We’ve been lucky and careful, and have saved enough to retire. I just pray for a few more decades to enjoy it all.

Here’s a lovely “Vows” column from The New York Times, about a couple who recently married at 98 and 94.

They met at the gym:

“Age doesn’t mean a damn thing to me or to Gert,” he said. “We don’t see it as a barrier. We still do what we want to do in life.”

 

IMG_20160901_171110306

Remember this famous image? President Kennedy in the Oval Office…

Aging is a great privilege denied to so many!

 

Do you feel uncomfortable around people much older or younger than you?

Do you work with people much younger or older than you? How is it?

 

 

 

Do we need role models?

By Caitlin Kelly

250px-Cover_of_Wallander_(Swedish)

A favorite TV series, about an older Swedish detective

Once you become an adult, certainly if you’re female and choose an unconventional life — maybe not marrying or not having children or working in a creative field — you might crave a role model.

Someone who took the path less traveled by, and thrived.

As American poet Robert Frost wrote, in 1916:

I shall be telling this with a sigh
Somewhere ages and ages hence:
Two roads diverged in a wood, and I—
I took the one less traveled by,
And that has made all the difference.

Mainstream, mass market American women’s magazines are too generic, hence unhelpful.

Impossible to relate to corporate warriors like Sheryl Sandberg or Arianna Huffington in their $4,000 sheath dresses and multi-million-dollar lives.

IMG_20150705_101438935
I hope to keep traveling!

In North America, older women are typically offered a depressingly bifurcated path — turn dumpy and invisible or spend every penny on Botox, fillers and plastic surgery. Look younger, or else!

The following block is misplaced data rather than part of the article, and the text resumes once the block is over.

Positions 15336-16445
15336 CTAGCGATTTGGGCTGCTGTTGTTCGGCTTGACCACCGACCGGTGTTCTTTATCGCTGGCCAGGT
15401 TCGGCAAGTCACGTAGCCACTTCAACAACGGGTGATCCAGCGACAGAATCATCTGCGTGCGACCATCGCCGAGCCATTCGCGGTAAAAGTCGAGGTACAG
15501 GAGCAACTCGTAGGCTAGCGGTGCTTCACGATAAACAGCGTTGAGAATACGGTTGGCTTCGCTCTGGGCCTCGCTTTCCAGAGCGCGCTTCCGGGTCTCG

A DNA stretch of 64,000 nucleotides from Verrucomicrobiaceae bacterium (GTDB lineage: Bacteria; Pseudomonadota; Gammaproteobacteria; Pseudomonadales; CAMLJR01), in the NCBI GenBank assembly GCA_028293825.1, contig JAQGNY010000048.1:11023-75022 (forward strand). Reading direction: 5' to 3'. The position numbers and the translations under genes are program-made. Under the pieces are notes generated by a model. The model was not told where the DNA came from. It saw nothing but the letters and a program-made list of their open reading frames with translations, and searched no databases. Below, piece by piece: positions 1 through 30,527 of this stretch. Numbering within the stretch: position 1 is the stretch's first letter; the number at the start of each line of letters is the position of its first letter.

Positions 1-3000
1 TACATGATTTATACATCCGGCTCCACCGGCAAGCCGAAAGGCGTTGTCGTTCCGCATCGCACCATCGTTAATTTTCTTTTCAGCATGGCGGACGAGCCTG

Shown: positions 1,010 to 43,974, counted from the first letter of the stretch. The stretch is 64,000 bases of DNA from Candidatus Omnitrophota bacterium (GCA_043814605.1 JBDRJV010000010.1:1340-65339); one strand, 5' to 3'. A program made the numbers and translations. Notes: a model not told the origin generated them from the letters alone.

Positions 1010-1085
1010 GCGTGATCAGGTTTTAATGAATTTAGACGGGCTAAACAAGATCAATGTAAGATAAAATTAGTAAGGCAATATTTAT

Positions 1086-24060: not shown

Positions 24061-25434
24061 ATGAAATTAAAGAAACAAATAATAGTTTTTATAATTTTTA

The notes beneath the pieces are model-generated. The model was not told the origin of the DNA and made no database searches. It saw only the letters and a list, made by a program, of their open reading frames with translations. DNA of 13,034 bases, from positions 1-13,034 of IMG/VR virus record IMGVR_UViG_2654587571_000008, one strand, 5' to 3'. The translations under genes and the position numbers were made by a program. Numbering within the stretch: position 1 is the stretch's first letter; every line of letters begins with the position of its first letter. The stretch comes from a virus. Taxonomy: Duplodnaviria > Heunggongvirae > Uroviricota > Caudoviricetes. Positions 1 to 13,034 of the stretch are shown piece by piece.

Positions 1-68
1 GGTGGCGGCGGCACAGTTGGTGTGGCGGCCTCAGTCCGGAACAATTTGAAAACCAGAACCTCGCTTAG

Neither appeals to me, so I’m forever in search of inspiration, i.e. role models.

In June — where I’ll be celebrating in Paris — I’ll hit a milestone  birthday.

Since my mother and I don’t speak and my stepmother died nine years ago, I don’t have many older women to talk to intimately about what lies ahead.

So it was a great pleasure recently to run into a friend from my dance classes — I was out walking in our small town in the sunshine — and catch up with her, a woman about to hit her next milestone birthday, a decade beyond mine.

She really is an inspiration to me, about to fly to Japan, again, where she’ll be teaching writing and staying with her partner, who has a home there. Last time we met up, she was off to Barcelona to visit one of her daughters.

She always looks terrific, trim and fit, wearing flattering colors and — most importantly — has a real infectious joy and spirit of adventure.

I lost both my grandmothers the year I turned 18, so it’s been a long, long time without a much older woman in my life to talk to.

CPR CLASS
Members of  my team, Softball Lite taking a CPR class, March 4, 2017 in Hastings, NY.

But our apartment building is pretty much an old age home, the sort of place people move into at 65 or 75 or 85 after they’ve sold the family house.

So I watch people decades older than I navigate their lives, whether romantic, professional or personal. We don’t hang out, but we do socialize and chat in the hallways or lobby or driveway, our shared spaces.

One woman — in her late 80s, maybe older — on our floor, has a fab new Barbour tweed jacket and looks amazing, even with her walker. I told her so, and as I walked away, heard her say, happily: “That made my day!”

Older people get ignored.  They aren’t listened to. Their needs and desires get dismissed.

That’s not what I want! That’s not what anyone wants.

My father, at 88, is still blessed with enough income and health to be traveling internationally and deciding where to live, still on his own. In his own way, he’s a role model — my husband, a late-life surprise baby, lost both his parents when he was still in his 20s.

L1000262
Fleece came in handy when playing golf in 19 mph winds; Cruit Island, Donegal, Ireland

I know the elements of a happy later life, especially after retirement, will be many of the same things as today:

good health, enough money to enjoy some pleasures, intimate friendships, a strong sense of community, a well-tended marriage.